Jose and Kristian were detained for several weeks, deposed by the government as material witnesses in its case against me and then deported back to the countries from which they had fled for their lives. This week, the government will try me for human smuggling. If convicted, I may be imprisoned for up to 20 years.

In the Sonoran Desert, the temperature can reach 120 degrees during the day and plummet at night. Water is scarce. Tighter border policies have forced migrants into harsher and more remote territory, and many who attempt to traverse this landscape don’t survive. Along what’s become known as the Ajo corridor, dozens of bodies are found each year; many more are assumed to be undiscovered.

Local residents and volunteers organize hikes into this desert to offer humanitarian aid. We haul jugs of water and buckets filled with canned food, socks, electrolytes and basic first-aid supplies to a few sites along the mountain and canyon paths. Other times, we get a report that someone has gone missing, and our mission becomes search and rescue — or, more often, to recover the bodies and bones of those who have died.

Over the years, humanitarian groups and local residents navigated a coexistence with the Border Patrol. We would meet with agents and inform them of how and where we worked. At times, the Border Patrol sought to cultivate a closer relationship. “Glad you’re out here today,” I remember an agent telling me once. “People really need water.” In a town as small as Ajo, we’re all neighbors, and everybody’s kids go to the same school. Whether it was in the grocery store or out in the field, it was commonplace for residents and volunteers to run into Border Patrol agents and talk.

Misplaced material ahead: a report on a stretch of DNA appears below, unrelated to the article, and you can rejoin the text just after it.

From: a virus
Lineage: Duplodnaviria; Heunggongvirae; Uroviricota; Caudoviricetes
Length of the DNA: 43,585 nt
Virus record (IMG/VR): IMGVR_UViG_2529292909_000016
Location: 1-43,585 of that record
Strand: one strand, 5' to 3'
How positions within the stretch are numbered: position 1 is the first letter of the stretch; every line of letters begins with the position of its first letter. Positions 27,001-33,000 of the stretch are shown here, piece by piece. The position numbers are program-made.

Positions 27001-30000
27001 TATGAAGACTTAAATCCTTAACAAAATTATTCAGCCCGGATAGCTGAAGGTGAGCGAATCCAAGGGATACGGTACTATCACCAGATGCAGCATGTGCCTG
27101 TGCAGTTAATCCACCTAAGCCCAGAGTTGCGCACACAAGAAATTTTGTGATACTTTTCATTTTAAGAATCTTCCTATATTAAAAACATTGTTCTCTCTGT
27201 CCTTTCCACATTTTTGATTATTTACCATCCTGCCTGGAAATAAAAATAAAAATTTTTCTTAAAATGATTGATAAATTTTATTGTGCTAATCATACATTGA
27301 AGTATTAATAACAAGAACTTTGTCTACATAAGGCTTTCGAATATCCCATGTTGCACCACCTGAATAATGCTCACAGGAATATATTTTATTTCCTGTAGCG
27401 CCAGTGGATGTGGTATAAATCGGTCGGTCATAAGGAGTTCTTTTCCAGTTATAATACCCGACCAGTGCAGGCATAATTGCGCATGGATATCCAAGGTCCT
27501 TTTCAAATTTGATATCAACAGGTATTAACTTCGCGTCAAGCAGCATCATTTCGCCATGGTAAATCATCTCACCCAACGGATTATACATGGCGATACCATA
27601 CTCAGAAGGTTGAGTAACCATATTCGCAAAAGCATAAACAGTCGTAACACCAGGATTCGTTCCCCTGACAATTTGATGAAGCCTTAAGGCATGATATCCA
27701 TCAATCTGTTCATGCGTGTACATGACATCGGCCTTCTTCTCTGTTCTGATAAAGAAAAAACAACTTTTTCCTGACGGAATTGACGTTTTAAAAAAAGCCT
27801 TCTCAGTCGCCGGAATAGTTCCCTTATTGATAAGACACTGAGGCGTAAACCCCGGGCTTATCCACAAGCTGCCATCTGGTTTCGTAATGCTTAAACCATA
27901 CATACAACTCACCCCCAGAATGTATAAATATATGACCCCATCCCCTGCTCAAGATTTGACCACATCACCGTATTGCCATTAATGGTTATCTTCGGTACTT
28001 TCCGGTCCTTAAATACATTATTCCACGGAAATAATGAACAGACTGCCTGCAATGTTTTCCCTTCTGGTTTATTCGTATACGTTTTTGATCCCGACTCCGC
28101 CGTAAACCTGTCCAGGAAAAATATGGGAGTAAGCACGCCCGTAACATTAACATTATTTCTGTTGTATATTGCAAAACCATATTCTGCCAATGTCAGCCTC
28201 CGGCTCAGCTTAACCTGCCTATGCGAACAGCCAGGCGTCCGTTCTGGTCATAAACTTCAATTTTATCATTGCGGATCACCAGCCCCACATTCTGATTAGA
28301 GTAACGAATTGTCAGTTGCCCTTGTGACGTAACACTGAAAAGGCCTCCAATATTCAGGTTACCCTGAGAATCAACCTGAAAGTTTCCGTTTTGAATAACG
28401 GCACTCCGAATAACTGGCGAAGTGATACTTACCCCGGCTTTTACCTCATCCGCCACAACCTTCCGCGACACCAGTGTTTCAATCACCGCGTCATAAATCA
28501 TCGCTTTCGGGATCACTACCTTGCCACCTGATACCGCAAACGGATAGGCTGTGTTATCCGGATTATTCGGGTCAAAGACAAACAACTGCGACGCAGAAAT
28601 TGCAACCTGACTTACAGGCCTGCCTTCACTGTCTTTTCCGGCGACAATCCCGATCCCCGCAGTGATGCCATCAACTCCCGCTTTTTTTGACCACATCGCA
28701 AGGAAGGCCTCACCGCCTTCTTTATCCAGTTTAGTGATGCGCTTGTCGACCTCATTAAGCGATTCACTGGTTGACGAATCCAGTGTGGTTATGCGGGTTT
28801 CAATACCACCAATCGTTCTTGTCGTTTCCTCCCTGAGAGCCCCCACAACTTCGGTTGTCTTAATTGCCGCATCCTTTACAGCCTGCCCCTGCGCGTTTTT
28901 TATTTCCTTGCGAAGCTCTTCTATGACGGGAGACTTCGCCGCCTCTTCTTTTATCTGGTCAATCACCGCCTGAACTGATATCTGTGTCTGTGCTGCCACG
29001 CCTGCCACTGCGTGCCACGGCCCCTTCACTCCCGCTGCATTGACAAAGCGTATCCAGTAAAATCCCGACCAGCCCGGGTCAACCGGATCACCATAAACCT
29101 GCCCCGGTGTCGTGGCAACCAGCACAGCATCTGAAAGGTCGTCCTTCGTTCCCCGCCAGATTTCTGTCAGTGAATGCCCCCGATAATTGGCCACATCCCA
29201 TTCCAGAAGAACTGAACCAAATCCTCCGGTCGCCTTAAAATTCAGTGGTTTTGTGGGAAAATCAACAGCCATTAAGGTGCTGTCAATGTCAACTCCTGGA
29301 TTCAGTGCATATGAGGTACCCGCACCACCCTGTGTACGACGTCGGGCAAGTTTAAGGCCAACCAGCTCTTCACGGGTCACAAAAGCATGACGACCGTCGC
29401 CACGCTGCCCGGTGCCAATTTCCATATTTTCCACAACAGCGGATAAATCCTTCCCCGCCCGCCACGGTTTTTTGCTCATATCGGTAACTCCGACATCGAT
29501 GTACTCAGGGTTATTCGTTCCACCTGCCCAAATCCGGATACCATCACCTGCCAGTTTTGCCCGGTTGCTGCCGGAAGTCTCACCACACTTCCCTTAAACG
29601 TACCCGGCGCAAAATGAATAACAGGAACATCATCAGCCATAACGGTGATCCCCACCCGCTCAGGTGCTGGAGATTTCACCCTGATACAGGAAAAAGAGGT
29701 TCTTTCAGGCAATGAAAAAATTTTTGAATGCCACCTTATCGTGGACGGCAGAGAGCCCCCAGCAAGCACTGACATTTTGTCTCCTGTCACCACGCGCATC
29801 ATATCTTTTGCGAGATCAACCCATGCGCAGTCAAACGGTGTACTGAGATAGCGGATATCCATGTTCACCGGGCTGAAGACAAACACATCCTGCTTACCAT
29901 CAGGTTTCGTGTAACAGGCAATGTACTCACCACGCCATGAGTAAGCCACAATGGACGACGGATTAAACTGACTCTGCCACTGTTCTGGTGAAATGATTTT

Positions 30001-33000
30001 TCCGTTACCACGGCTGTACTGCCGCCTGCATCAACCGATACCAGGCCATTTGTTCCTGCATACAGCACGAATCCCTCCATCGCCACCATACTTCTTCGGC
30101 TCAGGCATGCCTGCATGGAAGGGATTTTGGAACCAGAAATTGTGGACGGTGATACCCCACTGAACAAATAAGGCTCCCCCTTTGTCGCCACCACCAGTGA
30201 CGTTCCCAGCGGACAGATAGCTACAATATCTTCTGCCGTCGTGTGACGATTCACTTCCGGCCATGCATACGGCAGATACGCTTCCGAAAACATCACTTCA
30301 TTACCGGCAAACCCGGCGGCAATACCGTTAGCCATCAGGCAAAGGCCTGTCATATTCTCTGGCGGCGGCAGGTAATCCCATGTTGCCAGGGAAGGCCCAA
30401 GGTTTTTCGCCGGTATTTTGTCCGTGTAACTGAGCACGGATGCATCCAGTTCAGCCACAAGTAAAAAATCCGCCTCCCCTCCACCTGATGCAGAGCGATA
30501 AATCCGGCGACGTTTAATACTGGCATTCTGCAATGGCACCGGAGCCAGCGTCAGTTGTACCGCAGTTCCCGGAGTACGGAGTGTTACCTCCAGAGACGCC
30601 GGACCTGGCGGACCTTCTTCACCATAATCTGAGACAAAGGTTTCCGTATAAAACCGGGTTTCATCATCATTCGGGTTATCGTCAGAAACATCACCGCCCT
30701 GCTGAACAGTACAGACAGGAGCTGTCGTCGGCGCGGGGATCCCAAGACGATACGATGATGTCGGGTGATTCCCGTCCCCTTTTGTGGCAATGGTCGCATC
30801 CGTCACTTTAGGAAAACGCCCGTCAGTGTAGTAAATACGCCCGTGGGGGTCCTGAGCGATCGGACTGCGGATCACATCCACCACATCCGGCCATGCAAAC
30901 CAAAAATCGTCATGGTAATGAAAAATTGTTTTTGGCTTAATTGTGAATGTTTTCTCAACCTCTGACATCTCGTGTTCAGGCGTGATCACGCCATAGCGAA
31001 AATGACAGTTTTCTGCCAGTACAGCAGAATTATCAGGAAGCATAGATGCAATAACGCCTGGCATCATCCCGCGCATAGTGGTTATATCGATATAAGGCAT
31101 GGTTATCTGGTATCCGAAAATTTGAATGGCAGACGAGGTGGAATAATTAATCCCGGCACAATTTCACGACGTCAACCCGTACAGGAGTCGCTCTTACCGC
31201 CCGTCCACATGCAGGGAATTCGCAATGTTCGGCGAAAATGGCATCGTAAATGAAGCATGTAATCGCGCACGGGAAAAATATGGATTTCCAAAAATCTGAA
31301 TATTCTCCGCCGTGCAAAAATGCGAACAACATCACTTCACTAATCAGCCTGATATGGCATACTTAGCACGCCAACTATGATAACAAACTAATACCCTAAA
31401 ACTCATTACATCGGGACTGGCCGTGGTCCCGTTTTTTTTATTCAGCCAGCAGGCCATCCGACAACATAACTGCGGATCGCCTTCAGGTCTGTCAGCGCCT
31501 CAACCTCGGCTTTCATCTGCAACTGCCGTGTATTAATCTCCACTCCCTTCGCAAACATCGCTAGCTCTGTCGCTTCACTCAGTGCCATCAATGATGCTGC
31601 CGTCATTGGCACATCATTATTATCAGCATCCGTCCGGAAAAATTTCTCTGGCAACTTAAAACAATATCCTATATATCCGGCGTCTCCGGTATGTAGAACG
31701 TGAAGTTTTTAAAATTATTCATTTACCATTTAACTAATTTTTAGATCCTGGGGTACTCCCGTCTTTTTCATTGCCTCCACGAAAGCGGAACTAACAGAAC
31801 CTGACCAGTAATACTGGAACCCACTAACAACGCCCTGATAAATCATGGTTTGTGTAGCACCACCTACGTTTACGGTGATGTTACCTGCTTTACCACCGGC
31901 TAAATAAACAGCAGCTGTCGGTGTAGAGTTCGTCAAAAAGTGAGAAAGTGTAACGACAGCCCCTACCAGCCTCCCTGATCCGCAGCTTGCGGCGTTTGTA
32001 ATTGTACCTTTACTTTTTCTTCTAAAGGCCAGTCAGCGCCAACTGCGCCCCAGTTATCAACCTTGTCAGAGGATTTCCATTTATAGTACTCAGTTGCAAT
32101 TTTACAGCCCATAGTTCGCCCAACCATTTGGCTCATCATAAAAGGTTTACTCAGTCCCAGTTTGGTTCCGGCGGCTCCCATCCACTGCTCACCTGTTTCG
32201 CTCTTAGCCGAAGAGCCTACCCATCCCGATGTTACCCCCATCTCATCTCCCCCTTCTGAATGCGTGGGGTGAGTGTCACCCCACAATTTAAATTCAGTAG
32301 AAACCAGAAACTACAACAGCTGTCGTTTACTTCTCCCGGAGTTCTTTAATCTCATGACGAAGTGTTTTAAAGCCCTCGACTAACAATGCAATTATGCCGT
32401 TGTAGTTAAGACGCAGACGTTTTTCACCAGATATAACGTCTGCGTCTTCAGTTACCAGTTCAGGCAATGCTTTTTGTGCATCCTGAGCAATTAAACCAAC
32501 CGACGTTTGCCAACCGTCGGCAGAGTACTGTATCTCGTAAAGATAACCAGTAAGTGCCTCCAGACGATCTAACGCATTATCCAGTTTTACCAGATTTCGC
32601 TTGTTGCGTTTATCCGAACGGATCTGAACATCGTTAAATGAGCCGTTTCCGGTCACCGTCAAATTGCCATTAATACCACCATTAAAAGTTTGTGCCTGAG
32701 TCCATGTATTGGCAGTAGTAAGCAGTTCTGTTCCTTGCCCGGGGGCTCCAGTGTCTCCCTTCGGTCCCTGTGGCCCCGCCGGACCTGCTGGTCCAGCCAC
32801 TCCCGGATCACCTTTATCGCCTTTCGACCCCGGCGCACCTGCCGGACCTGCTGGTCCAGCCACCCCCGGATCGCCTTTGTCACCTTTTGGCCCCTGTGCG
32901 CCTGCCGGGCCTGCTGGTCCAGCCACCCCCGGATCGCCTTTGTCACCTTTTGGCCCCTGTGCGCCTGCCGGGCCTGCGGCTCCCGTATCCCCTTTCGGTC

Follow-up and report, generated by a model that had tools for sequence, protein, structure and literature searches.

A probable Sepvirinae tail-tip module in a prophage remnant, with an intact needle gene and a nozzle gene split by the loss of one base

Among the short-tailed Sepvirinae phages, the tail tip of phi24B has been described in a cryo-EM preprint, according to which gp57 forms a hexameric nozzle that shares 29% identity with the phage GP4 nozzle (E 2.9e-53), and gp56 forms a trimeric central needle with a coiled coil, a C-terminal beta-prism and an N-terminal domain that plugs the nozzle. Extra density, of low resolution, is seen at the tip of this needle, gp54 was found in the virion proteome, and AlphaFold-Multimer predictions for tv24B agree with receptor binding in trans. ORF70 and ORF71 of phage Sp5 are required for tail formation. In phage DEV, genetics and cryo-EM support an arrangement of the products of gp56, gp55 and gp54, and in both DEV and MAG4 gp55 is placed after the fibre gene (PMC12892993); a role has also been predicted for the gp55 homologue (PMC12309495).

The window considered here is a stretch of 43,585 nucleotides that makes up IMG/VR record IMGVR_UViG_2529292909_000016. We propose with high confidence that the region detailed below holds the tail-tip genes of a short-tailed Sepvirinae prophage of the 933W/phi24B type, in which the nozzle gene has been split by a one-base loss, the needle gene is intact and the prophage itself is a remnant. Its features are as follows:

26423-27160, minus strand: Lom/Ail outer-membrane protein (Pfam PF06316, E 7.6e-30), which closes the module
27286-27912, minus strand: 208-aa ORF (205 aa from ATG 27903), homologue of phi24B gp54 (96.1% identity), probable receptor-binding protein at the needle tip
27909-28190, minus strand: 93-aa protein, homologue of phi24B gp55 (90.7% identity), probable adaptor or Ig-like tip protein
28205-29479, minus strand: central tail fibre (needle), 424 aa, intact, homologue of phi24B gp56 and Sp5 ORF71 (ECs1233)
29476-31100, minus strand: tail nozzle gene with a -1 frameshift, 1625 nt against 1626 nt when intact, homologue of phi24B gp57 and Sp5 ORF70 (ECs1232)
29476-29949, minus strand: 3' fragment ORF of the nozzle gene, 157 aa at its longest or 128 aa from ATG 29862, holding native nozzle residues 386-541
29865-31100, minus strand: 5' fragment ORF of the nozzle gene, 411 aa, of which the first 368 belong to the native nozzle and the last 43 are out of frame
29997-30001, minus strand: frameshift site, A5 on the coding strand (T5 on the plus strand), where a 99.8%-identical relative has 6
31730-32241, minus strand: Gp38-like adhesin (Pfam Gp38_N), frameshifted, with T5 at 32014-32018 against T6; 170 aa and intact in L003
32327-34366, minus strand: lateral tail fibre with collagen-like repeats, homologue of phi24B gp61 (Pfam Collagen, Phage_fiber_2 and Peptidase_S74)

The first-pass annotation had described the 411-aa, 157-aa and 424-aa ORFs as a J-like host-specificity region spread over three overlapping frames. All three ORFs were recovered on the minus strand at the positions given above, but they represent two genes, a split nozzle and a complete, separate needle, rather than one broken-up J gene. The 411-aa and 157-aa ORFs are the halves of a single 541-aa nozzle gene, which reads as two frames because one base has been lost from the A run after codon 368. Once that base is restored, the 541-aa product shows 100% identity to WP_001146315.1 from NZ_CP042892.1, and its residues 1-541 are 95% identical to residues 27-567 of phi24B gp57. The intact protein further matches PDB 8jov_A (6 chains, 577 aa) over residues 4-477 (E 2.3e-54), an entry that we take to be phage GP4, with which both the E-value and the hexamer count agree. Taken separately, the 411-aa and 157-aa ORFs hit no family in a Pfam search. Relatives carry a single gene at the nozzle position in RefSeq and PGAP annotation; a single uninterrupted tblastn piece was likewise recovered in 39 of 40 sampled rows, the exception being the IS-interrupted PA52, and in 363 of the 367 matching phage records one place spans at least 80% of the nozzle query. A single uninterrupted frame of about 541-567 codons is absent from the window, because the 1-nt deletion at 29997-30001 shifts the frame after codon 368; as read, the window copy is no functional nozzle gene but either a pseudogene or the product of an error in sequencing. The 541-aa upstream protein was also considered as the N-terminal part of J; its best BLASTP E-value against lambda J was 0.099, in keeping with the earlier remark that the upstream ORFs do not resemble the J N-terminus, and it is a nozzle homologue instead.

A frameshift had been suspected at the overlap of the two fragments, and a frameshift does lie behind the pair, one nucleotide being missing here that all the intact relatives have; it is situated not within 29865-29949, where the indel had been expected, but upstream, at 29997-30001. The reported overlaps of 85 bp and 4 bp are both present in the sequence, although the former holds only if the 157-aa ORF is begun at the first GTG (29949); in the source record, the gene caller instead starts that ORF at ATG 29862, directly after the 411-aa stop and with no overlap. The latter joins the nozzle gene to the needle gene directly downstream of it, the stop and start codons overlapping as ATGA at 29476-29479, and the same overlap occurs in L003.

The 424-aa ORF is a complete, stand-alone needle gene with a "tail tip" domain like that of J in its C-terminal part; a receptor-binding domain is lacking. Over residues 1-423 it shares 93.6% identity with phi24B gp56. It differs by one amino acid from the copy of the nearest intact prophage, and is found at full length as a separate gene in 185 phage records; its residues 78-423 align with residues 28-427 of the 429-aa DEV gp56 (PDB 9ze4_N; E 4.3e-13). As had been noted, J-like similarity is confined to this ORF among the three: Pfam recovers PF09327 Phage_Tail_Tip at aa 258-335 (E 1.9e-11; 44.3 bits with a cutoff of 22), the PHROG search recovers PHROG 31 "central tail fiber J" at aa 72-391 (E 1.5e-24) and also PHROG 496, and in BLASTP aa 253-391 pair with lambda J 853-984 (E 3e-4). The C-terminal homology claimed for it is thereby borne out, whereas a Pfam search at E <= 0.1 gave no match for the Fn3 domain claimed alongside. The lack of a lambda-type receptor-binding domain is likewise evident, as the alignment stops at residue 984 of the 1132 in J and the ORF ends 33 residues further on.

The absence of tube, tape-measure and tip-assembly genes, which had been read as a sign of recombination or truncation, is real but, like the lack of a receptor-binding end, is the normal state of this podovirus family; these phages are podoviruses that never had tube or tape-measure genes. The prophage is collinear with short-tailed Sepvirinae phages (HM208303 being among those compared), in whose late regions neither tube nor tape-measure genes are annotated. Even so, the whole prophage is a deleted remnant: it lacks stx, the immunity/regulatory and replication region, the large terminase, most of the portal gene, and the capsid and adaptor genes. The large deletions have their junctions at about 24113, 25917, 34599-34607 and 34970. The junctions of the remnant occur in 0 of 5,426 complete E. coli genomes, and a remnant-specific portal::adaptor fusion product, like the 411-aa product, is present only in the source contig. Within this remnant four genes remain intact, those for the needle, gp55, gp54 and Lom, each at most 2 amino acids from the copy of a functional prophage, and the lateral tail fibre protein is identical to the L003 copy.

Those kinds of encounters are rare these days. Government authorities have cracked down on humanitarian aid: denying permits to enter the Cabeza Prieta National Wildlife Refuge, and kicking over and slashing water jugs. They are also aggressively prosecuting volunteers. Several No More Deaths volunteers have faced possible imprisonment and fines of up to $10,000 on federal misdemeanor charges from 2017 including entering a wildlife refuge without a permit and “abandonment of property” — leaving water and cans of beans for migrants. (I face similar misdemeanor charges of “abandonment of property.”)